The Scottish independence referendum on September 18 is fast approaching. The most prominent cultural touchstone for Scottish separatism is Mel Gibson's 1995 epic Braveheart, about William Wallace's 13th-century campaign against British rule, so it's unsurprising that the film is enjoying some renewed attention in the run-up to the vote.
If you're inspired by current events to dust off your copy of the Oscar-winner, be warned: you won't learn anything about Scottish history. In fact, the current struggle for Scottish independence has about as much to do with the events depicted in Braveheart as America's ongoing racial struggles have to do with the events depicted in Abraham Lincoln: Vampire Hunter. That is to say, there may be some similarities in theme and audience, but the Hollywood epic is too thoroughly fictionalized to offer much in the way of insight. Too bad there's not a better movie for headline writers to reference in the run up to this potentially historic vote.
Here are just some of the many ways that Braveheart flubbed the story.
Scotland's nobles didn't meet in 1280 to choose their king, and the English didn't massacre them immediately afterward
Braveheart opens in 1280, with a scene of nobles gathering to choose a new king, after the previous king, Alexander III had died. After they select a new ruler, they are surprised by the army of England's King Edward I and slaughtered en masse. Dramatically, this works well. It sets up the English as treacherous and explains why Wallace (who, in the movie, is a young boy during the massacre and witnesses the death of his father and brother) would believe English rule is illegitimate.
However, it's completely historically inaccurate. Alexander III was still alive in 1280, as was his granddaughter Margaret, the "Maid of Norway," who was his heir. (Alexander died in 1286 after falling from his horse, and Margaret died in 1290, while traveling back to Scotland to be crowned queen.)
And although Edward I did mediate Scottish nobles' dispute over the throne following Alexander and Margaret's deaths, he didn't lure everyone to a meeting and massacre them — he selected a king.
When Wallace led his rebellion, the Scottish king was still alive
England's King Edward I, known as "Longshanks," took the throne of Scotland in 1296.
Because Margaret died before she could take the crown, Scotland's nobles asked Edward to arbitrate their various claims to the throne and select a king. He chose John Balliol, who became king in 1292. However, in 1296, Edward had a change of heart, and decided that the correct answer was "myself." He forced Balliol to abdicate, and took the throne.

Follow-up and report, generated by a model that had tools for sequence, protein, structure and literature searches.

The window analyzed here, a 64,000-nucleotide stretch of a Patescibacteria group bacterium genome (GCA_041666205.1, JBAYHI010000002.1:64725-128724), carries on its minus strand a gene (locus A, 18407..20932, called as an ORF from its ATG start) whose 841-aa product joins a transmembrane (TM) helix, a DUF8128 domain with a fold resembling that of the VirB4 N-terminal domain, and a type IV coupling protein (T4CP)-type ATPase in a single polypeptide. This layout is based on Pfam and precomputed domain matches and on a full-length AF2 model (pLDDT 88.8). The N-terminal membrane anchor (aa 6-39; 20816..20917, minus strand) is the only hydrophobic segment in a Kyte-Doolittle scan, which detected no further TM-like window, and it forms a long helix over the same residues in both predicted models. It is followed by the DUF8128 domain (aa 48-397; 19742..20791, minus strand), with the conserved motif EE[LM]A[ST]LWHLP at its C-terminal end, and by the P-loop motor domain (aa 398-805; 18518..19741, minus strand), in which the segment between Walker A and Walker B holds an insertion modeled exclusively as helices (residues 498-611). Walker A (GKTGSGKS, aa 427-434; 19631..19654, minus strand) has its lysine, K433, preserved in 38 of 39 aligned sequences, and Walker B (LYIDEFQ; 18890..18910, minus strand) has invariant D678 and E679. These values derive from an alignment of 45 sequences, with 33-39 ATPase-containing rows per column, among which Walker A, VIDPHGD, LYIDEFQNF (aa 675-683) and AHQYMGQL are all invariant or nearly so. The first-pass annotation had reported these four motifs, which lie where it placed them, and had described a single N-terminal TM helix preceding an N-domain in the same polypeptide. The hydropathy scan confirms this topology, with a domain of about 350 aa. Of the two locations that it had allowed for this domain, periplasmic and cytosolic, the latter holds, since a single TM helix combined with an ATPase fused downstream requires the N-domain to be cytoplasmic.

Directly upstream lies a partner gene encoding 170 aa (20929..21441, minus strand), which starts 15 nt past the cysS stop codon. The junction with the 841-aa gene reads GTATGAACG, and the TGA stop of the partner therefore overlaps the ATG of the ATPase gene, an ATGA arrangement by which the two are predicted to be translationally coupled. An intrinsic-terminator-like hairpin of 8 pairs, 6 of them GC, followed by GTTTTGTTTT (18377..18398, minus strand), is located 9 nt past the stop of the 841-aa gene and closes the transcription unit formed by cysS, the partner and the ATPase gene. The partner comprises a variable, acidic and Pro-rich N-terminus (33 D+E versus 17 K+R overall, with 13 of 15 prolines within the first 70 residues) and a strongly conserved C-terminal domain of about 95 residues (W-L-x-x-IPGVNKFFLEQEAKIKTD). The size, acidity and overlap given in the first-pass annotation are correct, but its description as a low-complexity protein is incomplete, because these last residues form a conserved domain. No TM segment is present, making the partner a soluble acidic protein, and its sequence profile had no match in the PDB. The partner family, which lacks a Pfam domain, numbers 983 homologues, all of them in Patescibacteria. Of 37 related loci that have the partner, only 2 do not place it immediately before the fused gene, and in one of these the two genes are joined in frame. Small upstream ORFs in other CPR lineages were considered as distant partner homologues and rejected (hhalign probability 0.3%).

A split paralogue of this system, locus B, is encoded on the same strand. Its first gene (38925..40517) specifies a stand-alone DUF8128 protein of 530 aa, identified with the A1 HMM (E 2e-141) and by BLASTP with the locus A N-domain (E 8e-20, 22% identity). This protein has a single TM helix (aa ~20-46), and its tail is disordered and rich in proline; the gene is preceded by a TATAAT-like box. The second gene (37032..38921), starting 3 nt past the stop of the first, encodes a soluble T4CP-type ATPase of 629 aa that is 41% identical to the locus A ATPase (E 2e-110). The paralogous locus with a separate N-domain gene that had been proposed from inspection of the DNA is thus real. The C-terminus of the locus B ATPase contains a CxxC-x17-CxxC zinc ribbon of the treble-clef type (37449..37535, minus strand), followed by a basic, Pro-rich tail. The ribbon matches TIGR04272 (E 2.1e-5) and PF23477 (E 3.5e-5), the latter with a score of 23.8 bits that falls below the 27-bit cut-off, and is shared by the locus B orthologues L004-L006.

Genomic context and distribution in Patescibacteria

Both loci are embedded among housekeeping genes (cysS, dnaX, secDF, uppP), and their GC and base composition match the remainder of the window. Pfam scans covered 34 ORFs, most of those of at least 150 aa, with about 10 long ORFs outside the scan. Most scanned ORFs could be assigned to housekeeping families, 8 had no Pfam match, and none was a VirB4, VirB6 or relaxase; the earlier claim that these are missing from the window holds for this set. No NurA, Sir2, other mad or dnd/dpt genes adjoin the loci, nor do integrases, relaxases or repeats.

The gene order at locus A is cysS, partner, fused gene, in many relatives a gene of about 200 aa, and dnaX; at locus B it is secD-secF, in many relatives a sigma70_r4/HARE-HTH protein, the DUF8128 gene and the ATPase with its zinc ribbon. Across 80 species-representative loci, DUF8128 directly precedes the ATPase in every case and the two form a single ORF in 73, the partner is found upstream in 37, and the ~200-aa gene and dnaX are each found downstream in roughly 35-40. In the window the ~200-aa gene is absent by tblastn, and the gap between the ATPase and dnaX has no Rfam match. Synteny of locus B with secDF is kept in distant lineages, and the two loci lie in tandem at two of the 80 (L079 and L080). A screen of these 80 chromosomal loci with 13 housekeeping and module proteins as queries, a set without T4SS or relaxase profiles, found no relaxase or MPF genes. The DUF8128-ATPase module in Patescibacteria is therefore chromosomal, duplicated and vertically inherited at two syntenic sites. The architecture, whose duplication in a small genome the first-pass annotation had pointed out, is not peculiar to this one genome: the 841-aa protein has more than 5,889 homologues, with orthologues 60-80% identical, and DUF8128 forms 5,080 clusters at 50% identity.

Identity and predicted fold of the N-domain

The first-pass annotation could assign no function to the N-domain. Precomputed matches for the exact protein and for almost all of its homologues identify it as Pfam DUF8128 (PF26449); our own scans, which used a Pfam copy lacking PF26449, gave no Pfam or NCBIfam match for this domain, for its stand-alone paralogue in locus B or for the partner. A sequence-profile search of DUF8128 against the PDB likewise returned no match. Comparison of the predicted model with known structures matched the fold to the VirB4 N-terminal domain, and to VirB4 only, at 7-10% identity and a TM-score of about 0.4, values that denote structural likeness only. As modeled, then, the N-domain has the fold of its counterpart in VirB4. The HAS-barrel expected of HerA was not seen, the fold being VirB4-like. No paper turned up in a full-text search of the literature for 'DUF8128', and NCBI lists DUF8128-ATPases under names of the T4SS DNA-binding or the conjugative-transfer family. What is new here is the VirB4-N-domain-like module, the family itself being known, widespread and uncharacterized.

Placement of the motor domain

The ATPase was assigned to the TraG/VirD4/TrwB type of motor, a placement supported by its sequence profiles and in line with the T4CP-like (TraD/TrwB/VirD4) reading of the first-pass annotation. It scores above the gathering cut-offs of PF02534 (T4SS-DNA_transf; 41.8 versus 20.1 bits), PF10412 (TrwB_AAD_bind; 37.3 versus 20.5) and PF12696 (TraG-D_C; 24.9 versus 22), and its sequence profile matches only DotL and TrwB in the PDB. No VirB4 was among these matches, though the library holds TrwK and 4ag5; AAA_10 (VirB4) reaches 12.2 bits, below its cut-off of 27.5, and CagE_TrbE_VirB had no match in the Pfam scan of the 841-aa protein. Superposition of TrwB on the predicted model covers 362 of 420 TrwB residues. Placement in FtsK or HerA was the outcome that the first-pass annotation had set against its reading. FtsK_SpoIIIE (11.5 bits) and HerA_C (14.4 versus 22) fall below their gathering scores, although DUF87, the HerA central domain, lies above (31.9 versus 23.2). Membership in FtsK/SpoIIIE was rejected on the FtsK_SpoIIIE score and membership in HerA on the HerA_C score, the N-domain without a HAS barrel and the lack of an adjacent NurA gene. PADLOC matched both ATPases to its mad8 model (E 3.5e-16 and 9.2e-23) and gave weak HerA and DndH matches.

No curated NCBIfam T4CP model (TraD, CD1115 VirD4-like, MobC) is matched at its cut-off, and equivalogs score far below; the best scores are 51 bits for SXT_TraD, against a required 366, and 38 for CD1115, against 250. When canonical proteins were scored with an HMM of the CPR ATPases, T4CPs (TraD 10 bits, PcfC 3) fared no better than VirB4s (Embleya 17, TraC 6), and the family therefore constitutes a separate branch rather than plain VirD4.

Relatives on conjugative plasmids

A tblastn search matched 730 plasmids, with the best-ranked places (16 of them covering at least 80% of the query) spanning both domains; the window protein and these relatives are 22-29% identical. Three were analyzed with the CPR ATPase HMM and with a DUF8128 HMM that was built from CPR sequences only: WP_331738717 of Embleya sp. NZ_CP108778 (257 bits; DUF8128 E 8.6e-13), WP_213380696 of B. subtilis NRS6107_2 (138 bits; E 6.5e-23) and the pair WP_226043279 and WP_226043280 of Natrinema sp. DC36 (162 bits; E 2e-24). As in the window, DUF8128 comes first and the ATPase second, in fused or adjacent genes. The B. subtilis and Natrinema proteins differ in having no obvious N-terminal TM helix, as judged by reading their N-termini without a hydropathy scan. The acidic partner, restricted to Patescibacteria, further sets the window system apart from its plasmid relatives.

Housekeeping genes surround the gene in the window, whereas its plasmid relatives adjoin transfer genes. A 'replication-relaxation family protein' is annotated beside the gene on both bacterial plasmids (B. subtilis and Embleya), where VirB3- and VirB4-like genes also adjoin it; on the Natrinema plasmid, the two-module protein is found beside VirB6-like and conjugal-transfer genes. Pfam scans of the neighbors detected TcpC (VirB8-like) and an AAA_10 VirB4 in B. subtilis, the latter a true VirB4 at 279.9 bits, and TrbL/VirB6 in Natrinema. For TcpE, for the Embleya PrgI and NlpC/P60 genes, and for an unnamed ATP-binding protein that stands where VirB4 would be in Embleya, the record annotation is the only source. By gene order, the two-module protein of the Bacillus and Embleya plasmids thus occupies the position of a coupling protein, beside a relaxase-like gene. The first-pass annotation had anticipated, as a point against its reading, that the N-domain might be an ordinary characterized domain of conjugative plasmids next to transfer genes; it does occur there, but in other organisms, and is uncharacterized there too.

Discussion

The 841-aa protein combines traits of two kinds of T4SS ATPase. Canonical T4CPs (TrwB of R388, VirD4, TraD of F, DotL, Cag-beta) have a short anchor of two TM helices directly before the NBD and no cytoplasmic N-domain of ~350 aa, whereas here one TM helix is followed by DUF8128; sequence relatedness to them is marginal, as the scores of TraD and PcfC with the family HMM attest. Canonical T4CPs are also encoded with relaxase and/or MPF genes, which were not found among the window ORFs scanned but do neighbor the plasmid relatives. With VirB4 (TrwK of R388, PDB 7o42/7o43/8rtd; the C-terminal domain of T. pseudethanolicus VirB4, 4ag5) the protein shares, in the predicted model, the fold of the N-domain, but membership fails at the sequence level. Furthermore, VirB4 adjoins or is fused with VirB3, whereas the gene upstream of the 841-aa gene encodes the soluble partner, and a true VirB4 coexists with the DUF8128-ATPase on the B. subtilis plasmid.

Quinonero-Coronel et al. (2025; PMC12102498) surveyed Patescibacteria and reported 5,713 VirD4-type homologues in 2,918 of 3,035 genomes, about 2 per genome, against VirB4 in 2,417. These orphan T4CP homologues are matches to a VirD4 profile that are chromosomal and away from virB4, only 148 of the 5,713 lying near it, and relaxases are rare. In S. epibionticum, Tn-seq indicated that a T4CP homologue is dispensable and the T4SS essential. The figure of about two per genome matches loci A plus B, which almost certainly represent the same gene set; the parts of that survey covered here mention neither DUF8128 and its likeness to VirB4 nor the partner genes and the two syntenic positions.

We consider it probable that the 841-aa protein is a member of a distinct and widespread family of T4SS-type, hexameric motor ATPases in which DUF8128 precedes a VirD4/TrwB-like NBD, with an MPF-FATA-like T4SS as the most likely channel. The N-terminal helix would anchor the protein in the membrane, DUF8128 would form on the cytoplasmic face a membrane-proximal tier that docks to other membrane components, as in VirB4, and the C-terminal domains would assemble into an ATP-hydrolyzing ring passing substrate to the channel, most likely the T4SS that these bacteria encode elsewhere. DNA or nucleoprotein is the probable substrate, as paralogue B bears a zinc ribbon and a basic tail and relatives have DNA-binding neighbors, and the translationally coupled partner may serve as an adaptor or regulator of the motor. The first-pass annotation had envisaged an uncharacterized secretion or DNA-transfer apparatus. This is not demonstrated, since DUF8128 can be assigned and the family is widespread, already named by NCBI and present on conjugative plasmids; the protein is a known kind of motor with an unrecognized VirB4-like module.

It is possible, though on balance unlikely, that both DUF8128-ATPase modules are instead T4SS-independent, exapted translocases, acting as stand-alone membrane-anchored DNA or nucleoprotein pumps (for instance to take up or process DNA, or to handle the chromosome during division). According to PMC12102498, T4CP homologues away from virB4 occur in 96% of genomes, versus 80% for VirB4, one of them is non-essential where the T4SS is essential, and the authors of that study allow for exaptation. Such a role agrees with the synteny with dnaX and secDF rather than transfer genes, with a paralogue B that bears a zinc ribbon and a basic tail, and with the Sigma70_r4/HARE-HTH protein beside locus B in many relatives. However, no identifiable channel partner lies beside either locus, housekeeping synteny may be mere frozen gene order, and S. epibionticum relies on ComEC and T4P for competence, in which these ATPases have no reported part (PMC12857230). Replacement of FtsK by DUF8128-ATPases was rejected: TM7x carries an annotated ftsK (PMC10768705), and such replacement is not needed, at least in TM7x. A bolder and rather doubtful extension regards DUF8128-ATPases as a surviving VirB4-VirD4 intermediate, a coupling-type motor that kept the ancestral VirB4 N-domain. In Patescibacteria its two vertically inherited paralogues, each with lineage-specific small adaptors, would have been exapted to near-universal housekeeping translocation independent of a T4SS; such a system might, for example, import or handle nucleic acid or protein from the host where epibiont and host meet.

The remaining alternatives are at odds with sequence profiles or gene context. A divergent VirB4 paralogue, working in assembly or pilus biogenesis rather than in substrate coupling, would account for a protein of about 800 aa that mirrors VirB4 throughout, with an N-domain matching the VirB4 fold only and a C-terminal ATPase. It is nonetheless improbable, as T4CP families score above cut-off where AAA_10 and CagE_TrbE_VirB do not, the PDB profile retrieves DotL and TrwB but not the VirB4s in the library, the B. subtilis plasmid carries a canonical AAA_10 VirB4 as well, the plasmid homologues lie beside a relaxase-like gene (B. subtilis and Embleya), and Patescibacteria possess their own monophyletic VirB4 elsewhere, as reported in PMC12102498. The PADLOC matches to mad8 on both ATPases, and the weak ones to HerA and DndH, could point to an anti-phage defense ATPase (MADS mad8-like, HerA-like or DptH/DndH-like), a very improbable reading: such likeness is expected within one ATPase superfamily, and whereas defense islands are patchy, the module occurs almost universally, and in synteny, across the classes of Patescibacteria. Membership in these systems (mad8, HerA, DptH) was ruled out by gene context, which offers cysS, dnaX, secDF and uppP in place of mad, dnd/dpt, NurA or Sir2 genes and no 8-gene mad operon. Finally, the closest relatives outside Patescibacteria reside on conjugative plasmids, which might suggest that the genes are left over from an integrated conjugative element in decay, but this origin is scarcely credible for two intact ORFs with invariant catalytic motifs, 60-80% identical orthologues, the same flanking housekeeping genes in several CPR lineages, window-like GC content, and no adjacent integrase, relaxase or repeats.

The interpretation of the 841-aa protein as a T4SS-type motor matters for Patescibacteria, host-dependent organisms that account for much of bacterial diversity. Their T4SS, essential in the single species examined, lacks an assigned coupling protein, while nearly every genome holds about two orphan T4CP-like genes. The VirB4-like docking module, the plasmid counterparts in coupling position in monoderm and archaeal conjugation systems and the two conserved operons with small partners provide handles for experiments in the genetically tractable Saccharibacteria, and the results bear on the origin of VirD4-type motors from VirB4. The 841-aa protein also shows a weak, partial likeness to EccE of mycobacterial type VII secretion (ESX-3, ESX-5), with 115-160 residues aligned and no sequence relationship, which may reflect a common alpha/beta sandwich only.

The real William Wallace began his rebellion about a year later, in 1297. That makes it a bit peculiar that he says in the movie that "if we win, we can have what none of us have ever had before - a country of our own." That's an awfully short memory.
Wallace didn't have an affair with Princess Isabella
In the film, Edward I sends his daughter-in-law, Princess Isabella, to negotiate with Wallace, but she falls in love with the charming rebel instead. It is implied that she conceived his child during an affair that took place right before the Battle of Falkirk, which would mean that Wallace's bloodline took the English throne.
In reality, Isabella , the daughter of King Philip IV of France, was born in 1295 or 1296. She would have been about 3 years old at the time of the Battle of Falkirk, and she did not marry Edward II and come to England until 1308.
So the theory that Isabella had an affair with Wallace and that Wallace was the true father of Edward III, suffers from some significant flaws. Professor Elizabeth Ewan, a historian at the University of Guelph, noted in a 1995 article that, "since the real Edward III was born seven years after Wallace's execution, and Isabella first came to England for her marriage three years after Wallace's death, this scenario may not gain wide acceptance among historians."
There's no evidence that English nobles were taking Scottish maidens' virginity on their wedding nights
To firmly establish the English as villains, Braveheart also shows Edward I granting English nobles the right of "primo nocta" in Scotland, an entitlement to take maidens' virginity on their wedding nights. One scene, in which a preening English lord interrupts a wedding and threatens the life of the groom in order to force his young bride to submit to kidnapping and rape, drives home the message that the English were brutes who needed to be forced out of Scotland.
However, the supposed tradition of "primo nocta" (also sometimes called "jus primae noctis" or "droit du seigneur") is just a myth. Although it pops up in literature with some frequency, there's no evidence that it was ever a real phenomenon, or that Edward I ever used it to subdue Scotland.